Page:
The Economic Problem

The demand for scarce resources is very high due to unlimited human wants. At the same time, the scarce resources have alternative uses. Now we have to decide what to produce, how to produce and for whom to produce. This is called the economic problem. Almost all pricing and valuation theories in economics are developed to answer these questions. For example, suppose you have $1,000. Also you need to buy various things to keep your life comfortable. But you cannot buy everything you want with the $1,000. Now economics is all about spending your $1,000 optimally to keep yourself satisfied at the maximum level possible. If you do not choose carefully what to buy and what not to buy, the available resources, i.e. $1,000 in our example, will not be utilized properly.

Economic Problem and Technical Problem

It is imperative that you understand the difference between an economic problem and a technical problem. A technical problem has something to do with accomplishing a task. In simple words, technical problem arises when you try to complete a project with the limited resources. In this case, you need to find out the best possible way to carry out the project so that you utilize the scarce resources optimally. But an economic problem has something to do with decision making.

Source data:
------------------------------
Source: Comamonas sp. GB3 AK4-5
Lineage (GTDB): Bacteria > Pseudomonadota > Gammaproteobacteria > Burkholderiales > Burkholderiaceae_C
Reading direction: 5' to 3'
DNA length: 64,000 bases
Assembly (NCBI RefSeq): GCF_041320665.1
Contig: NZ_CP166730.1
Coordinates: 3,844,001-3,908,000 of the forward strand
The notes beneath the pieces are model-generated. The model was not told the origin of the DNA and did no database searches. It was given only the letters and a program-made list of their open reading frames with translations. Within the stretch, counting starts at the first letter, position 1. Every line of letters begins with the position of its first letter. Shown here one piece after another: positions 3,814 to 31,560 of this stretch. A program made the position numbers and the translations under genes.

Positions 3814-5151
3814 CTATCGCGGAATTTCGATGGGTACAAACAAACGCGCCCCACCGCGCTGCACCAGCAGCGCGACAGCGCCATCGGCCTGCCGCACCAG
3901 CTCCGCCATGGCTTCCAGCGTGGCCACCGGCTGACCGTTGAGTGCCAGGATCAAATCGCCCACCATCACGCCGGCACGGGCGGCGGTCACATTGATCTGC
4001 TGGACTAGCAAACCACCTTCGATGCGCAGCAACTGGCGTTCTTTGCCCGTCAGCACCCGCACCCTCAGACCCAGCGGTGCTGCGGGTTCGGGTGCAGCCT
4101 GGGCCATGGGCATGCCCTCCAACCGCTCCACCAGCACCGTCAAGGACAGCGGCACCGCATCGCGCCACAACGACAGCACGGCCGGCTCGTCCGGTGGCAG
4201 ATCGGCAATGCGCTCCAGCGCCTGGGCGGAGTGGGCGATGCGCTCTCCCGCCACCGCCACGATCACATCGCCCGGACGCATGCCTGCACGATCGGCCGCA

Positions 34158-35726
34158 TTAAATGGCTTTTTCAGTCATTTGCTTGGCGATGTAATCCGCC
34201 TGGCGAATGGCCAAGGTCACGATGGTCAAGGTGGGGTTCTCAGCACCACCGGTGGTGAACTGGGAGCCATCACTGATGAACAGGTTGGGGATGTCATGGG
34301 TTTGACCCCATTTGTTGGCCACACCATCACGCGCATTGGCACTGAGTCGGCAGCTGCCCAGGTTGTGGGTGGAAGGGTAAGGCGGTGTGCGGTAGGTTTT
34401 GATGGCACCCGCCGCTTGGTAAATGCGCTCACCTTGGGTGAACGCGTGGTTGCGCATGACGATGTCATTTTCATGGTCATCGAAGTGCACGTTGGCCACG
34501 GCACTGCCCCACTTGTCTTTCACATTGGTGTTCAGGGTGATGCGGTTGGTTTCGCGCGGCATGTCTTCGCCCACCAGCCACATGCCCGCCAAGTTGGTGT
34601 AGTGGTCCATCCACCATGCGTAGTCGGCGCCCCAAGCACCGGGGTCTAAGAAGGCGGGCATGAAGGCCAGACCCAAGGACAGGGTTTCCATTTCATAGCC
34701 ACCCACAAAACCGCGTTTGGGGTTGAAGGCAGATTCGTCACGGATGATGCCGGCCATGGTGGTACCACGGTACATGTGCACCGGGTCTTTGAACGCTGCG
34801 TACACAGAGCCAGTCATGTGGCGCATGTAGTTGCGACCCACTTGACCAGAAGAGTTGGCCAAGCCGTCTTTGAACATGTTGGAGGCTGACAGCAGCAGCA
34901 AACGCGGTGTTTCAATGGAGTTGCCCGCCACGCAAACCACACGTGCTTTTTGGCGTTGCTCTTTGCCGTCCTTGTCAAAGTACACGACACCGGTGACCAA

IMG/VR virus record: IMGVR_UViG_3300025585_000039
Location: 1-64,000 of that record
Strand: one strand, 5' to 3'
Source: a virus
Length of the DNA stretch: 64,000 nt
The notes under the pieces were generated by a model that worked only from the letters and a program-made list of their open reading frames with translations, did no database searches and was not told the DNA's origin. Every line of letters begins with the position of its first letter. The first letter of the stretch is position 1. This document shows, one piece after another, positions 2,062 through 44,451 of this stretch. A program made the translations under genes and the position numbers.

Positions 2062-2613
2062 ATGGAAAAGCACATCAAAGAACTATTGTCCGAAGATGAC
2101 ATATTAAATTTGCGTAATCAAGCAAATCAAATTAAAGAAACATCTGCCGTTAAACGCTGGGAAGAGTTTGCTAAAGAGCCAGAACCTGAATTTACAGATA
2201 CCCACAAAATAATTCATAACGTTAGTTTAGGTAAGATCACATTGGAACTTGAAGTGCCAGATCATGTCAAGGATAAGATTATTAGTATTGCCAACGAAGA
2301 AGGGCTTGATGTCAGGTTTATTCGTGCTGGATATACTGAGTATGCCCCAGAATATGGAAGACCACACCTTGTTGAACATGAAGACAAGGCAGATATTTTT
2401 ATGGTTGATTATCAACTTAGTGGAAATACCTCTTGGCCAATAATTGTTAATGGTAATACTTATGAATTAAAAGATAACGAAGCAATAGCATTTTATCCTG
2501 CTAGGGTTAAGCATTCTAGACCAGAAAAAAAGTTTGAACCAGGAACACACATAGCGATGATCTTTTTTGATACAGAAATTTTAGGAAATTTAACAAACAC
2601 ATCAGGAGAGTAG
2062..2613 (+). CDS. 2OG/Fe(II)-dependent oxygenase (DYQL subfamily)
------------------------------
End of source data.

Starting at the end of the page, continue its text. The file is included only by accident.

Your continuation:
An economic problem arises when you decide on a project whether you should carry out with the scarce resources. Because you have many choices, as you can use the same resources to carry out all projects. But the problem is that the resources available are not enough to carry out all projects. Now you have to decide in which project you should invest the scarce resources. But remember that if you choose one you must give up others. Hence choosing the best project is known as an economic problem. Therefore, we can conclude that economics is a science, which helps a society to solve its economic problems.

Merits of Robbins’ Definition

Robbins’ definition undoubtedly gives us a complete sense of what is economics. In particular, his conceptions of scarce resources and unlimited human wants are very realistic, and are applicable at all time and situations. In this manner, Robbins’ scarcity definition demolished the old structure of economics and made us look at economics in a new dimension.

  1. First of all, Robbins’ explanation of economic problem is very clear and precise. According to Robbins, three important factors that cause economic problems are unlimited wants, scarce resources and multiple uses of resources. Indeed, economics revolves around these three factors.